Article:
- Imaging tests: Your doctor can find stones using an abdominal and pelvic CT scan or ultrasound. They might also use an intravenous pyelogram, which is an X-ray of the kidneys, ureters, and bladder.
Bladder stones vs. kidney stones
|Bladder Stones||Kidney Stones|
|Location||Bladder||One or both kidneys|
|Symptoms||Lower abdominal pain, frequent urge to urinate, painful or difficult urination, hematuria||Sharp pain in back or side, frequent urge to urinate, painful or difficult urination, hematuria, cloudy or smelly urine, nausea, vomiting, fever, chills|
|Causes||Neurogenic bladder, bladder diverticulum, urinary tract infections, enlarged prostate, kidney stones||Dehydration, diet, weight loss surgery, infections, metabolic disorders|
|Risk Factors||Being born male, older age, radiation, bladder augmentation, ureteral strictures, schistosomiasis, recurrent UTIs, using a Foley catheter||Being born male, hyperparathyroidism, drinking too little water, structural kidney abnormalities, obesity, hypertension, inflammatory bowel disease, cystic kidney disease, recurrent UTIs, certain medications, history of kidney stones|
|Diagnosis||Physical exam, medical history, urinalysis, blood test, imaging tests||Same as bladder stones|
|Treatment||Medication, ureteral stenting, nephrostomy, shock wave lithotripsy, ureteroscopy||Same as bladder stones|
|Prevention||Drinking plenty of liquid, healthy weight maintenance, healthy diet, treating UTIs||Same as bladder stones|
If a bladder or kidney stone is small, it can pass on its own. In this case, treatment is not necessary.
However, if a stone becomes so big that it blocks urine flow, you’ll need treatment.
Treatment options for bladder stones and kidney stones include:
- Medication: Bladder or kidney stones can be dissolved with medication. The type of stone you have will determine how long you need treatment.
- Ureteral stenting: This involves a flexible tube that’s inserted into the ureter. It helps urine flow from the affected kidney.
- Nephrostomy: During a nephrostomy, a tube is placed in the affected kidney and attached to an external drainage bag. This helps urine flow out of the urinary tract.
- Shock wave lithotripsy: This procedure breaks the stone into smaller pieces, making the stones easier to pass.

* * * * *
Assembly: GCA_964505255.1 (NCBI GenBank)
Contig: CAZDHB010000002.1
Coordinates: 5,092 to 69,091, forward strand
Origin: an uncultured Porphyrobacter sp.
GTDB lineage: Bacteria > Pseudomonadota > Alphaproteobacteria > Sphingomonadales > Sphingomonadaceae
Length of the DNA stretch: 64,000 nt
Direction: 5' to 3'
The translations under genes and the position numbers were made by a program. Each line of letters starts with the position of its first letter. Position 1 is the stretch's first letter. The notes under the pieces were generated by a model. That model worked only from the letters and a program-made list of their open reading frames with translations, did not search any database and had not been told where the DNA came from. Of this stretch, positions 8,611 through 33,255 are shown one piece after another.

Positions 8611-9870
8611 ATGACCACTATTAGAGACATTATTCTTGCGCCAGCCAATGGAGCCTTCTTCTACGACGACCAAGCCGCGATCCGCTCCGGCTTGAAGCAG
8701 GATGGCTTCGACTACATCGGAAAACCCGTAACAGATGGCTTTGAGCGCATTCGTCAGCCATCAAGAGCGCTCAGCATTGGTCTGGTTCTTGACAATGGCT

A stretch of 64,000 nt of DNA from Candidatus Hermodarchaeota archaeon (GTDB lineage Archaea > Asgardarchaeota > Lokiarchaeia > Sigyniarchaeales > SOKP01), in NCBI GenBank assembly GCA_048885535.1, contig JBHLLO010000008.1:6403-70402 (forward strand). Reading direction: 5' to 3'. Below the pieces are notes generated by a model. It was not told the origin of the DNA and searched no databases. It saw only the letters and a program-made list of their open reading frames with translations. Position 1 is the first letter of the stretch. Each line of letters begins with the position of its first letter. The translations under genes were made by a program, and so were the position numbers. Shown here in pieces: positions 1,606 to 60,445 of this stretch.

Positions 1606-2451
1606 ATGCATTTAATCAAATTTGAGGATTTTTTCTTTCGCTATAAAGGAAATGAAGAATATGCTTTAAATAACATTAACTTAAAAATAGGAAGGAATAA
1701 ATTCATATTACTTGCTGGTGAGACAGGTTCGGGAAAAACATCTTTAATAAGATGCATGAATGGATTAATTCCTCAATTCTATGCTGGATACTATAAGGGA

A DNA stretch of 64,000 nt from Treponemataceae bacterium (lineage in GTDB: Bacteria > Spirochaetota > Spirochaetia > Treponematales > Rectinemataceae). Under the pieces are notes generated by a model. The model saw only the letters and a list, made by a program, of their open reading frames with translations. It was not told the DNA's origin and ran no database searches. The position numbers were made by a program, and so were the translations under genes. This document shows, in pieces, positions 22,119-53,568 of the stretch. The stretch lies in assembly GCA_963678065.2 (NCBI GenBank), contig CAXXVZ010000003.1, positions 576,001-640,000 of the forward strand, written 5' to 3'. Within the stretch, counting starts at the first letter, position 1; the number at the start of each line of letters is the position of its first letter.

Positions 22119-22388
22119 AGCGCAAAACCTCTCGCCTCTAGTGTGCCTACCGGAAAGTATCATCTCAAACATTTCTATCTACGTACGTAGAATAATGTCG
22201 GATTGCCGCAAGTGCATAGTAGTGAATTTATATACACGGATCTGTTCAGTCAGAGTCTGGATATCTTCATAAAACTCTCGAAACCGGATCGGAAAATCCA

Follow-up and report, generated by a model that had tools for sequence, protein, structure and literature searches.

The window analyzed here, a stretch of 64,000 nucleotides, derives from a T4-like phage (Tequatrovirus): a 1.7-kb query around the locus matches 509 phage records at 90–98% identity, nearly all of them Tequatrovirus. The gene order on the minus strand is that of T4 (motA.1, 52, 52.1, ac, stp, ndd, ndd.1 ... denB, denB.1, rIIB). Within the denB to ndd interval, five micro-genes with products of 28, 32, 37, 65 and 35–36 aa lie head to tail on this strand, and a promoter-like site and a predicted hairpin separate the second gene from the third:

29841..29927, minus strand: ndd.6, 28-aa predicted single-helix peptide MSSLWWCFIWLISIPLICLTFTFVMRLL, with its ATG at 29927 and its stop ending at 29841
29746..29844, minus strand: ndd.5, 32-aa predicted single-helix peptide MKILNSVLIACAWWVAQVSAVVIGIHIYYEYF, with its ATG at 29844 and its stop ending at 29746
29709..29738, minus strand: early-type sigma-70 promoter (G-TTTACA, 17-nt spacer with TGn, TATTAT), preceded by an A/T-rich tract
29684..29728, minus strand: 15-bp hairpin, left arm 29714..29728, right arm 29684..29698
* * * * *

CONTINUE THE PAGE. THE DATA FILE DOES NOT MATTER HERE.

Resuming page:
- Ureteroscopy: A doctor uses a thin camera, called a cystoscope, to find the stone in your kidney or bladder. They might remove the stone or break it into smaller pieces.
In general, recovery after these procedures is brief. The recovery usually ends when the stone has successfully passed.
You may be able to reduce the risk of developing bladder or kidney stones by taking the following steps:
- Drink plenty of liquid, especially water, every day.
- Maintain a healthy weight.
- Eat a balanced diet with a limited intake of salt, sugar, and animal proteins (red meat, poultry, seafood).
- If you have hyperparathyroidism, getting your parathyroid gland removed can help prevent stones.
- If you have a kidney stone, take your medication as directed.
- If you have recurrent UTIs, visit your doctor to receive treatment and find the cause.
- Let your doctor know if you have a family history of bladder or kidney stones.
Are bladder and kidney stones serious?
Occasionally, bladder and kidney stones can be serious. If they get too big and cause a blockage, they can cause severe complications.
Can bladder stones or kidney stones come back?
It’s possible to repeatedly develop bladder or kidney stones. If this occurs, talk with your doctor about prevention methods.
Can bladder or kidney stones pass on their own?
Small bladder or kidney stones can usually pass on their own. If this happens, no treatment is necessary. Larger stones may need treatment in order to pass.
What happens if these stones aren’t removed?
If a bladder or kidney stone isn’t removed, it can lead to infections, severe pain, and kidney damage in the case of kidney stones.
Bladder and kidney stones are made of concentrated minerals found in the urine. They’re solid masses found in the bladder and kidneys, respectively. In some cases, kidney stones can turn into bladder stones.
If the stone is small, it can pass without treatment. But if it gets bigger, it can block urine flow and cause complications such as infections.
Generally, bladder and kidney stones are treated with medication, devices that restore urine flow, or procedures that break up the stones. It may be possible to prevent bladder and kidney stones with simple lifestyle changes.